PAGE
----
Wedding Invitations & Paper

Nice online Save the Date with RSVP option? Desitination Wedding.

I know the is unorthodox, but we are planning a destination wedding at castle/villa in Italy.  It will actually be a wedding weekend where everyone will stay on the property with us for 3 nights with events each day.  Our friends and family are mostly big travelers and we have of course already talked to our closest people and got their sign off.  However, we need a somewhat (within say 4 or 5 people) count of attendees before we book a location.  The place we like best only can accommodate around 35 people and we have around 50-55 on our invite list.  We think based on knowing who we are inviting that we will end up with about 32, but we can't take the risk of having 40 and place for people to sleep! Does any one have a digital save the date recommendation where we could include lots of details and then people could respond with their intention of coming or not?  Like I said, I know its unusual, but under the circumstances I think people will understand.  We are giving people 21 months to save for flights etc. since it is a big trip and will likely be their vacation too, but we need to know if they plan on coming rather soon as the place we like books up well in advance.  I want something classier than an email. Ideas?

Re: Nice online Save the Date with RSVP option? Desitination Wedding.

  • Yes I understand that, but we have family we have to invite we know won't be able to travel etc.  Hence why I said I am looking for something unorthodox.  Our friends aren't ones to be concerned about the etiquette rules of needing to respond to a save the date.  We are going to such a huge expense that they will understand the why. I just want something digital that looks nice to send out.  We have verbal commitments from 32, no's from 10, and then 8 that are a crap shoot.  So we want to lay out all the details in one spot so they can make an informed decision.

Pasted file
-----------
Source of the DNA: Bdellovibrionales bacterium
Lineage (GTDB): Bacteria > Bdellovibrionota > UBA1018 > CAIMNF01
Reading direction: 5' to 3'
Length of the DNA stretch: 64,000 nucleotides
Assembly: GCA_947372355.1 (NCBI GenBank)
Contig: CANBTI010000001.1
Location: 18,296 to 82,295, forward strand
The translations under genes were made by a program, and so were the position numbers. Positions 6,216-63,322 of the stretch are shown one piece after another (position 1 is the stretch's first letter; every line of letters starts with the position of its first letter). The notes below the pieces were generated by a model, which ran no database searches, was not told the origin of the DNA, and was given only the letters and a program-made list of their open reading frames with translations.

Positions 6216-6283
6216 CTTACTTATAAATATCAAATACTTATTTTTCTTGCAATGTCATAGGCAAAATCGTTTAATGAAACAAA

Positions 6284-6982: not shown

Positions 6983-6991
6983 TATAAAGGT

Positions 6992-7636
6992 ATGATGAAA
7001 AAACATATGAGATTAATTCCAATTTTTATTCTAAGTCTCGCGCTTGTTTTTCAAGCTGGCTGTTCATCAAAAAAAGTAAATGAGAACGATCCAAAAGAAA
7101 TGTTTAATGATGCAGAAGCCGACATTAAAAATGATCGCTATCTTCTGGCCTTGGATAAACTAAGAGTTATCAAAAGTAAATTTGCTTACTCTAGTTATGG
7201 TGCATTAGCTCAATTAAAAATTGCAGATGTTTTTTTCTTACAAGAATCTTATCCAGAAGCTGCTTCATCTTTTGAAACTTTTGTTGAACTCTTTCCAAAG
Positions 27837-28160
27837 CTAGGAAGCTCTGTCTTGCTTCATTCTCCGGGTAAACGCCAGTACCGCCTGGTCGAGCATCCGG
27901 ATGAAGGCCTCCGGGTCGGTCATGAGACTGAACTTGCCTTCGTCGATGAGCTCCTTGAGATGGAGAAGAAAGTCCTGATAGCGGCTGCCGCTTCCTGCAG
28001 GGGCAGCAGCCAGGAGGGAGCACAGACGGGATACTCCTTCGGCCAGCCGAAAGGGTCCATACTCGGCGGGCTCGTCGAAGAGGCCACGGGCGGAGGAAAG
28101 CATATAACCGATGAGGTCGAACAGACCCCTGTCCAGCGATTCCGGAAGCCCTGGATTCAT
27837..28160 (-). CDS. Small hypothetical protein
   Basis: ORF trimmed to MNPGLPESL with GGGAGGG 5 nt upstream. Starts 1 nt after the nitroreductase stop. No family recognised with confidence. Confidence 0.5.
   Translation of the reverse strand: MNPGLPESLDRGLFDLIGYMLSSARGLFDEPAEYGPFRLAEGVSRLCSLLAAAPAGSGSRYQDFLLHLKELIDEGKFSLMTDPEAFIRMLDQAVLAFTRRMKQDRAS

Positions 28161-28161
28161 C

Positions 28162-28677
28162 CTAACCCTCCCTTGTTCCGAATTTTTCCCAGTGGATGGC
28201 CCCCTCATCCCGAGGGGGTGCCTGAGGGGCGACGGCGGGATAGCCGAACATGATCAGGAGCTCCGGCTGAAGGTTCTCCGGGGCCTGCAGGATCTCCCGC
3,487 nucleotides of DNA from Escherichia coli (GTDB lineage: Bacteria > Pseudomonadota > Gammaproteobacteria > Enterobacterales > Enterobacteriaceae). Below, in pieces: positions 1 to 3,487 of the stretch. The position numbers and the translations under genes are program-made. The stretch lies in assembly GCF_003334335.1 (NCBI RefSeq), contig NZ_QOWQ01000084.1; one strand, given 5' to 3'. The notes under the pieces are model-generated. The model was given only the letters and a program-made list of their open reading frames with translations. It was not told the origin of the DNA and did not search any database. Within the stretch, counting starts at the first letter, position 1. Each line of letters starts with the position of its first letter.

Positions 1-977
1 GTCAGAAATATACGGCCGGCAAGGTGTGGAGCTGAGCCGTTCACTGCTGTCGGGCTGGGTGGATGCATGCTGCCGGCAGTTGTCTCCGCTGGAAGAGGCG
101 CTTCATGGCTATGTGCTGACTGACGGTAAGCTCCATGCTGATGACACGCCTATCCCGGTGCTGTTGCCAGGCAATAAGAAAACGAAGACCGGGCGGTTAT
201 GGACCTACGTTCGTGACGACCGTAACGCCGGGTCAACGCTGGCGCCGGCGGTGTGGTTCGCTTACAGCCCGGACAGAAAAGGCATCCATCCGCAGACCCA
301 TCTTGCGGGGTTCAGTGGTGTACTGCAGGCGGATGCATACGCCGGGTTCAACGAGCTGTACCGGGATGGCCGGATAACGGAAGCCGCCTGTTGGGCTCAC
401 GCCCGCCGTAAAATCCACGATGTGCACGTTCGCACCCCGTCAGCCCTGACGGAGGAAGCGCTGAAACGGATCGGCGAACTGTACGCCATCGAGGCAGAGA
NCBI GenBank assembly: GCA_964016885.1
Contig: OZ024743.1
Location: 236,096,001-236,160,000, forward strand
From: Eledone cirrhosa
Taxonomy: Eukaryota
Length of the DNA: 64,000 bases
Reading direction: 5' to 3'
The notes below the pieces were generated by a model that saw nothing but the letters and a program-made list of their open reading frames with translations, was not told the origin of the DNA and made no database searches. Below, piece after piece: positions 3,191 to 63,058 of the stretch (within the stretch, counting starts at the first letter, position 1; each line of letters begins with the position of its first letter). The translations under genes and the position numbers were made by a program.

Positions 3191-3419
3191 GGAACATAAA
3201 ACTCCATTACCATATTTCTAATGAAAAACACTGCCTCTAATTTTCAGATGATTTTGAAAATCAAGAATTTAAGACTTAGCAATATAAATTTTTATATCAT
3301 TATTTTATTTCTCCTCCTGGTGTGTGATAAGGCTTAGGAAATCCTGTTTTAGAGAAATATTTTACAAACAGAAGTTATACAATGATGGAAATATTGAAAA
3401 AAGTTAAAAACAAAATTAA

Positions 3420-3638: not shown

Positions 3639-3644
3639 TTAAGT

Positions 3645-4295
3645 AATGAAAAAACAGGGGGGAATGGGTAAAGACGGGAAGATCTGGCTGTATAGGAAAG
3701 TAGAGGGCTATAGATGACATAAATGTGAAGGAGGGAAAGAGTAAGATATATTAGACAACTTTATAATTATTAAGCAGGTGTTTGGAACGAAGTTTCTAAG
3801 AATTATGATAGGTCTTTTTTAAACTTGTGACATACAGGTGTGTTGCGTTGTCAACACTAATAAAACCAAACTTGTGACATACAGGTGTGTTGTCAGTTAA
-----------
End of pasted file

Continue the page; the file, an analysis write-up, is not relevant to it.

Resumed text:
• Also all wedding destination articles and books say to plan for 50% of people to attend...as a rule of thumb.
  • I think I found one. Thanks anyway.
  • I went to a destination wedding where over 100 people attended ... from a guest list of 120. Plan on full attendance at your commitment ceremony just in case. There have been several posters on here trying to scramble at the last minute to deal with accommodating extra guests.
    OurWildKingdomgeebee908
  • MobKazMobKaz Chicago suburbs member
    Knottie Warrior 5000 Comments 500 Love Its 5 Answers
    Also all wedding destination articles and books say to plan for 50% of people to attend...as a rule of thumb.
    As a rule of thumb, never take advice from wedding articles and books.  Ask real people about their actual events.
    OurWildKingdomInLoveInQueens
  • CMGragainCMGragain member
    10000 Comments 500 Love Its Fourth Anniversary 25 Answers
    edited August 2016
    You are not having a destination wedding.  You are having a costume party.  You can send out STDs, but don't use the word "Wedding" or "Marriage" on it since you are not planning to actually be married at any time.  Perhaps "Commitment Ceremony" would be appropriate?